Though Alexander Calder was known for his hanging mobile sculptures experimenting with geometric form, movement, and color, a foundation in his name has given its $50,000 award this year to an artist working in a decidedly different medium: film.
Rosa Barba, a Berlin-based artist who is known for cinematic works that meditate on her medium’s formal properties, has been named the winner of the Calder Prize, which is given out biennially to an artist who is continuing the famed modernist’s legacy. Along with giving her the $50,000 sum, the Calder Foundation will place a work by Barba in a major public collection.
“There is a supernatural, almost spiritual quality to Rosa Barba’s work that connects us to unknown realms,” Alexander S. C. Rower, the president of the New York–based Calder Foundation, told ARTnews. “Her artworks are comprised of seemingly simple imagery, but if you spend time investigating them—feeling them—their dynamic qualities reveal themselves. Rosa’s innovations reward us with insight into a universal nature and maybe more importantly, the possibility of personal revelations. Exactly the same can be said of my grandfather’s work.”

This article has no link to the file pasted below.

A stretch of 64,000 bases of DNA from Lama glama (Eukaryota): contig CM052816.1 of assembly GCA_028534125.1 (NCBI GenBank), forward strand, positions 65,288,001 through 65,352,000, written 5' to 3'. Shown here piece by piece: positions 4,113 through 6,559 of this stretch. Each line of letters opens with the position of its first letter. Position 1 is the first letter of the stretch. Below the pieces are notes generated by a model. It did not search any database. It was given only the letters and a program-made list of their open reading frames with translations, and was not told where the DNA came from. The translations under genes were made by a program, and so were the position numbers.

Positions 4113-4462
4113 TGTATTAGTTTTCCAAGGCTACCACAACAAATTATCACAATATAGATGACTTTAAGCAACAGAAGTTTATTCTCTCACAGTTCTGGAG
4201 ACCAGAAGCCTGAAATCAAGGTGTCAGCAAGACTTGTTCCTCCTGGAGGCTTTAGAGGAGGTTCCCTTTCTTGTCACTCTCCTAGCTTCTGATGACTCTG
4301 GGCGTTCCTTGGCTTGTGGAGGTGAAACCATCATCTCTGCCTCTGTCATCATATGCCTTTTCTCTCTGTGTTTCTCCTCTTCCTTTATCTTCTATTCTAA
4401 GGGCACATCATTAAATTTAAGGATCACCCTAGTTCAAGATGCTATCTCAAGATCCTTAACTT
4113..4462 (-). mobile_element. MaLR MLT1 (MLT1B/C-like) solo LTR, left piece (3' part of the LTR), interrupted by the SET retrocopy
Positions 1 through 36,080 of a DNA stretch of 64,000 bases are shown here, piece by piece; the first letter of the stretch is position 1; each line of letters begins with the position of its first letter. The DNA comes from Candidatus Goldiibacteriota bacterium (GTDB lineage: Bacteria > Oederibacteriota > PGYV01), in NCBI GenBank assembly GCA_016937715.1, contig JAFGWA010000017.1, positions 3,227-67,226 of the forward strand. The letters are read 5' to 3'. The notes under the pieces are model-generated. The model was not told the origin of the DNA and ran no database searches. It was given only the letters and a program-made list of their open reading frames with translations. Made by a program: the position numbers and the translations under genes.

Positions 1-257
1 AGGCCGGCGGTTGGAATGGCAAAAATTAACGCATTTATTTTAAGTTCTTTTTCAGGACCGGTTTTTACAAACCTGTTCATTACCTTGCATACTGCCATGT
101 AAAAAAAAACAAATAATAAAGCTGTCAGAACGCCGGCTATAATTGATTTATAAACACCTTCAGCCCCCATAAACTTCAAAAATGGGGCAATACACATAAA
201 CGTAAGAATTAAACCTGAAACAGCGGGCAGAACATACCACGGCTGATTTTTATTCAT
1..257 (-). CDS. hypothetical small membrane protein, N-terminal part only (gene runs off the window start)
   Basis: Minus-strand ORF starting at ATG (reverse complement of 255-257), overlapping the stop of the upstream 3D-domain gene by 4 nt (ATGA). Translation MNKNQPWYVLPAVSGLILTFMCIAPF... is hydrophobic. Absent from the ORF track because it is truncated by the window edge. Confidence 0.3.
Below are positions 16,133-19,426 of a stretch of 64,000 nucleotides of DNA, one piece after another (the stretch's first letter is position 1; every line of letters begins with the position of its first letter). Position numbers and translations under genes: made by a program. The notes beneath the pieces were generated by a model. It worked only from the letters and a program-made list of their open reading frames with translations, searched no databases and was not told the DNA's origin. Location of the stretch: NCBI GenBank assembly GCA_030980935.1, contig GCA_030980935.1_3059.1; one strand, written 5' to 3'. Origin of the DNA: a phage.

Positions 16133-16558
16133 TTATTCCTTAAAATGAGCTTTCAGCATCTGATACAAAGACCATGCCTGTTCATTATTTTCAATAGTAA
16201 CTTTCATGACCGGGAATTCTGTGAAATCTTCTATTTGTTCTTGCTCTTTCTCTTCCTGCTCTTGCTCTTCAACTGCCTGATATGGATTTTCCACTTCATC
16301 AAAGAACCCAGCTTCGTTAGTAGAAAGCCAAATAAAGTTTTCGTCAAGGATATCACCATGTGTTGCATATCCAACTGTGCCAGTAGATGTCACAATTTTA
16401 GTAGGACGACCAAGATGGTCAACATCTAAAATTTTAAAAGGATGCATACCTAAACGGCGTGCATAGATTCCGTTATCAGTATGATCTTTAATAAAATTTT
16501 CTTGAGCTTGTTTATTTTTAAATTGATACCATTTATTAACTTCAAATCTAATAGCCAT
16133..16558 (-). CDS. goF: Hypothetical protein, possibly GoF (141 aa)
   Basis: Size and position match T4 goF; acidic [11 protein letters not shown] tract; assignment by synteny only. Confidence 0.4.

As it happens, there is a more direct connection between Barba and Calder than might be apparent. For a 2017 Whitney Museum show of Calder’s work in New York, Barba produced a work that focused on the light reflecting off one of Calder’s hanging sculptures; she considers that filmic work, titled Enigmatic Whisper, a “portrait” of the Calder piece.
Others of Barba’s films have focused on time itself and the ways artworks are stored over time, and have taken on three-dimensional qualities in the form of installations and sculptures. She has shown work at editions of the Venice Biennale, the Biennale of Sydney, the Liverpool Biennial, and the Performa biennial, among other major showcases.